FOR IMMEDIATE RELEASE|
FRIDAY, MARCH 22, 2002
TDD (202) 514-1888
TIM BURGESS, US ATTY (907) 271-5071
GRAND JURY INDICTS SHIP CAPTAIN AND TWO CHIEF ENGINEERS
Indictments Charge Witness Tampering, Obstruction And False Records
ANCHORAGE, ALASKA – A federal grand jury returned two indictments in the government's ongoing investigation of four foreign flagged freight ships that arrived in Dutch Harbor, Alaska in January of this year. Doo Hyun Kim, the Captain of the M/V Khana, and In Ho Kim, the Chief Engineer of the M/V Khana, are both charged with making false statements and using false records, obstructing a United States Coast Guard proceeding, and witness tampering for instructing crew members to lie about the discharge of oil and sludge overboard.
According to the indictment, the United States Coast Guard found an approximately 15- foot long section of plastic hose equipped with two flanges that appeared consistent with its use as a means of bypassing the vessel's Oil Water Separator to discharge oil contaminated bilge water and other oily waste directly overboard. The indictment further alleges that the Captain and Chief Engineer gave knowingly false explanations to the United States Coat Guard in an attempt to explain the oily hose, and failed to report discharges of oil in the ships required Oil Record Book. After grand jury subpoenas were issued to crew members, the indictment alleges that the Captain and Chief Engineer instructed crew members to lie to grand jury about the hose and the discharge of oil.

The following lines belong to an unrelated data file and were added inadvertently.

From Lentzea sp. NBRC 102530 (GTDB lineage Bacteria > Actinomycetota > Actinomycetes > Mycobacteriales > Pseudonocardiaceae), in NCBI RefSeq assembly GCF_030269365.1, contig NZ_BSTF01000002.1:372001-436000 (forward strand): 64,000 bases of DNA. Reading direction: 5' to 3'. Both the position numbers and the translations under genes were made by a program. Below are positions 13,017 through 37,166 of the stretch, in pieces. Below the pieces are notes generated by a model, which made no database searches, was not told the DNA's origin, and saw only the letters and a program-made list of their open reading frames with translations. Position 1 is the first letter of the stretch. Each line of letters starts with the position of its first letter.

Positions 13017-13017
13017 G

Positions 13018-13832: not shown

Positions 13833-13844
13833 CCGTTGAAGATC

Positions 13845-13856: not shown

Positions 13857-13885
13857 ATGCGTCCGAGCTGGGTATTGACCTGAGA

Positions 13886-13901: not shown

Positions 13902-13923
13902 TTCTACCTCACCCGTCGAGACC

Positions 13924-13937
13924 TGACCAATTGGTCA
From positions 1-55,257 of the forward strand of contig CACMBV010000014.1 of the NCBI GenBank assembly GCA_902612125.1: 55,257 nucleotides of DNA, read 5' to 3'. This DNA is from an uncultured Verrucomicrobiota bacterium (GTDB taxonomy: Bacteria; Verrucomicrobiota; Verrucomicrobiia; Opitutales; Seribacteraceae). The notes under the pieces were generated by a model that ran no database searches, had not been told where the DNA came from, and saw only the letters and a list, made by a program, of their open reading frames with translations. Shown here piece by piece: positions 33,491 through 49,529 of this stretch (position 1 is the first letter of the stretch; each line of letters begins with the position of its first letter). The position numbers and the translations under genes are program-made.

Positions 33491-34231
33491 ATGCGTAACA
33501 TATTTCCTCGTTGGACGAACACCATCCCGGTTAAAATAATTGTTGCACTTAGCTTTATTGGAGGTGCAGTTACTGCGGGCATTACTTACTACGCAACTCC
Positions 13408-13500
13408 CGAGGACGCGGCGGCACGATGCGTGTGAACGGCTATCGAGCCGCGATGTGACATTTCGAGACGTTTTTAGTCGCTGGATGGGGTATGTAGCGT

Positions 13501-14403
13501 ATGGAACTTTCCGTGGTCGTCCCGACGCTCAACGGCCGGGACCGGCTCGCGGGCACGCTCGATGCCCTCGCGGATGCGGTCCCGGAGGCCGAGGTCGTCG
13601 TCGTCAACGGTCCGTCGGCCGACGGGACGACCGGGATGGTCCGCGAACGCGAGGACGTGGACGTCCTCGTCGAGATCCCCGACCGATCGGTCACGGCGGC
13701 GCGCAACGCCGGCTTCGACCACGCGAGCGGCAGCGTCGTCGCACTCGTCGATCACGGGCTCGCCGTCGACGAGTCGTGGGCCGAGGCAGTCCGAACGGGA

The second indictment charges Je Yong Lee, the Chief Engineer of the M/V Sohoh, with similar counts of using false records, obstructing a United States Coast Guard proceeding, and witness tampering. The United States Coast Guard found a similar oily section of hose on the M/V Sohoh consistent with bypassing the Oil Water Separator and the discharge of oil into the ocean. Both of these vessels are alleged to by operated by Oswego Limited, a Korean company.
Defendants Doo Hyun Kim and In Ho Kim were arraigned in federal court in Anchorage on Thursday. A jury trial has been set for May 13, 2002. Defenant Je Yong Lee is expected to be arraigned on Monday.
If convicted, the defendants could face up to five years in prison and up to a $250,000 criminal fine (or up to twice the gross gain or loss from the crime) for the alleged false statements, in violation of 18 U.S.C. Section 1001, and obstruction of an agency proceeding, in violation of 18 U.S.C. 1505. The alleged obstruction of justice by ordering subpoenaed crew members to testify falsely, known as "witness tampering," in violation of 18 U.S.C. Section 1512 carries a maximum term of imprisonment of ten years.
This matter is being investigated by the United States Coast Guard Criminal Investigative Service, the Environmental Protection Agency Criminal Investigations Division and the Federal Bureau of Investigation, and is being prosecuted by the United States Attorney's Office for Alaska and the Environmental Crimes Section of the United States Department of Justice.